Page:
Yeah, that's exactly what I thought: "Huh? What the heck is that?" Dorie describes this look of the dough "shaggy". I've made quite a bit of bread but that was a new one for me, but that's a pretty accurate description.

After the addition of the eggs and butter however, the dough got very smooth and was actually pretty wet.

The boys had fun helping me out with this recipe (well eyeing the potential goodness, anyway), especially my littlest one - he really enjoyed watching my not-so-sturdy old Kitchen Aid work so hard to mix the dough.

Here he is helping to hold that crazy thing down! At any speed above 3, it really starts to wobble and kinda inches its way all over the counter.

My blogging friend Cathy over at The Tortefeasor is asking for kitchen goodies from Santa, I think I need to hop on that bandwagon too! Surely the big guy reads blogs - right Cathy?

I went looking for a Kugelhopf pan at our kitchen store in the mall and they didn't have one. So, not wanting to drag a tired 15 month old over to Bed Bath and Beyond, I just used the standby bundt pan (don't read anything into that Santa - just the new mixer would be great!).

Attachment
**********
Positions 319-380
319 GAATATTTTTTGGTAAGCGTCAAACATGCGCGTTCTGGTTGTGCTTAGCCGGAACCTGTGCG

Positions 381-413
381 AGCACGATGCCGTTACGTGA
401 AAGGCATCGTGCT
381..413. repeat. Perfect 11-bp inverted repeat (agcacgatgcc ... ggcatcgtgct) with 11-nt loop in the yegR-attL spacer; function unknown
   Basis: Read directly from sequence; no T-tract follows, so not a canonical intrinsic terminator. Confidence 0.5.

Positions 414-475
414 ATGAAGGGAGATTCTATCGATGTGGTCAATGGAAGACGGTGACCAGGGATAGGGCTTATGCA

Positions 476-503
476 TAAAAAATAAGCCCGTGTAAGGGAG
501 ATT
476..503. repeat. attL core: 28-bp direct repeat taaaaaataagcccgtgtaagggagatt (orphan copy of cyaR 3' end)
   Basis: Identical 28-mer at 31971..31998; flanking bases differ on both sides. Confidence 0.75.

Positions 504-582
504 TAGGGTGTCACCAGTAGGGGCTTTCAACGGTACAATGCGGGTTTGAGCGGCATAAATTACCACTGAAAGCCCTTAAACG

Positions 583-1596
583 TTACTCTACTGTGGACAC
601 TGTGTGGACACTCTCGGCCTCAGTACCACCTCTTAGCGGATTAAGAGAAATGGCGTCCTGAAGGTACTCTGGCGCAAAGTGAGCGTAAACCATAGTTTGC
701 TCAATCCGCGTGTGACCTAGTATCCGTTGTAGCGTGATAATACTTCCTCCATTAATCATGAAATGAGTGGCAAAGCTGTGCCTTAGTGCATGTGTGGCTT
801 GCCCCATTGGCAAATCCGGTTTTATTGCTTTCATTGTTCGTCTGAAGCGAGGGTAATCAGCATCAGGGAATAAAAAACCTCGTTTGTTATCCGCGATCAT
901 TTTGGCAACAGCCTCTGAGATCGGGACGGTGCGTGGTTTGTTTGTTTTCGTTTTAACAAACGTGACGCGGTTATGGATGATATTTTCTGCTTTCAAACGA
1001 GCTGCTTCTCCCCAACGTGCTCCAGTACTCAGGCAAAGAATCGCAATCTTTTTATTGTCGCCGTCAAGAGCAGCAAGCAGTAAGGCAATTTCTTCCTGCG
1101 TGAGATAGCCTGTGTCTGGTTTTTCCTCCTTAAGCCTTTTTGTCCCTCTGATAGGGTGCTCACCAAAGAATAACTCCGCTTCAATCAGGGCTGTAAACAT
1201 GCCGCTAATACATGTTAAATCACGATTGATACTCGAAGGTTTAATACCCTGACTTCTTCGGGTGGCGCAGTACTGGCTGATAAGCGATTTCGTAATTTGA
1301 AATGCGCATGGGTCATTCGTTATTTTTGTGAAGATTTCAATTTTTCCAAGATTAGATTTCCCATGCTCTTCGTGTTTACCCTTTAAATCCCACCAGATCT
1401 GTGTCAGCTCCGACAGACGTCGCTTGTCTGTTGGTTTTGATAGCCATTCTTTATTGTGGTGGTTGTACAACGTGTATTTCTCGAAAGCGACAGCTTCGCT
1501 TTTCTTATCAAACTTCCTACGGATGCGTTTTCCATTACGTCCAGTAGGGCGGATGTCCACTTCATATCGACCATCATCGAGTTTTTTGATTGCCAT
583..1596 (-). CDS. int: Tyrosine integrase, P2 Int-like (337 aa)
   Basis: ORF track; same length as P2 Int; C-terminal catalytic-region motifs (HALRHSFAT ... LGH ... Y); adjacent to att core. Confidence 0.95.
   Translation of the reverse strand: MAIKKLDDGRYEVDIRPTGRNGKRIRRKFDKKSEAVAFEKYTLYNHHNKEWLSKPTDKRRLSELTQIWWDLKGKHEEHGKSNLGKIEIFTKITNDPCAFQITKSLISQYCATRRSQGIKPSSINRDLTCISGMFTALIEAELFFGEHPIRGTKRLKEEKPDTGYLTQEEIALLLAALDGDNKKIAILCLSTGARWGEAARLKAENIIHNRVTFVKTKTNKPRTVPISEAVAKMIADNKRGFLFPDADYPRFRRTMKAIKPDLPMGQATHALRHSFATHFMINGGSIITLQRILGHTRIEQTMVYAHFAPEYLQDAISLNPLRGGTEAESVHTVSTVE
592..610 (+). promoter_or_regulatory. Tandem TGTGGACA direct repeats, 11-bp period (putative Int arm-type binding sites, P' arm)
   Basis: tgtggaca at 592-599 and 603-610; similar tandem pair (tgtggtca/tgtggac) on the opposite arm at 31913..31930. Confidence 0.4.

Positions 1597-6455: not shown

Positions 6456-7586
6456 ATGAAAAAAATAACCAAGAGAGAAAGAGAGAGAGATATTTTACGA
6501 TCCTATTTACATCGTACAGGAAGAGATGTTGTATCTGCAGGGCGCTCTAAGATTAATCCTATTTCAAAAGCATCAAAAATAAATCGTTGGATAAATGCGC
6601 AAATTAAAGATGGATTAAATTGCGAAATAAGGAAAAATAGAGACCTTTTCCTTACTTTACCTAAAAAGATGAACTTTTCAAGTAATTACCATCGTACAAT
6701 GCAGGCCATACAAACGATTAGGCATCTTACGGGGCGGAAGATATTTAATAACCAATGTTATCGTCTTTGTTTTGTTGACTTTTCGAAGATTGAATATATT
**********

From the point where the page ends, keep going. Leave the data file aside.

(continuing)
After refrigerating the dough overnight, it actually rose faster than I expected - only two hours, but that was in a slightly warmed oven.

And, ta da - here's how it looked fresh out of the oven. Yeah, not quite right. Not sure what I did wrong, but Dorie says that the dough might rise up over the top of the pan once in the oven, but obviously, that wasn't a problem for my little Kugelhopf.

It looked much better unmolded with a fine dusting of powdered sugar:

So bottom line, if I were to make this again, which is doubtful, I would skip a lot of those middle rises and just do one rise overnight in the fridge, cook it in the morning and serve it at a brunch. You can find the recipe over at The All-Purpose Girl (thanks, Yolanda - I hope yours turned out better than mine!) and you can check out all the other fabulous Tuesdays with Dorie bakers here.

Next week's recipe sounds equally intriguing, but I'm hoping for better results: Black, White (or both) Arborio Rice Pudding

Sunday, November 9, 2008

Twilight Mania

Okay, will this Twilight madness ever end? It's everywhere! Once I started reading the first book, I just couldn't stop. And now I'm reading them again to get ready for the movie. My husband thinks I'm just a little too gaga over Edward. What he just doesn't seem to understand is that he is my Edward - love you dear {{{kiss}}}}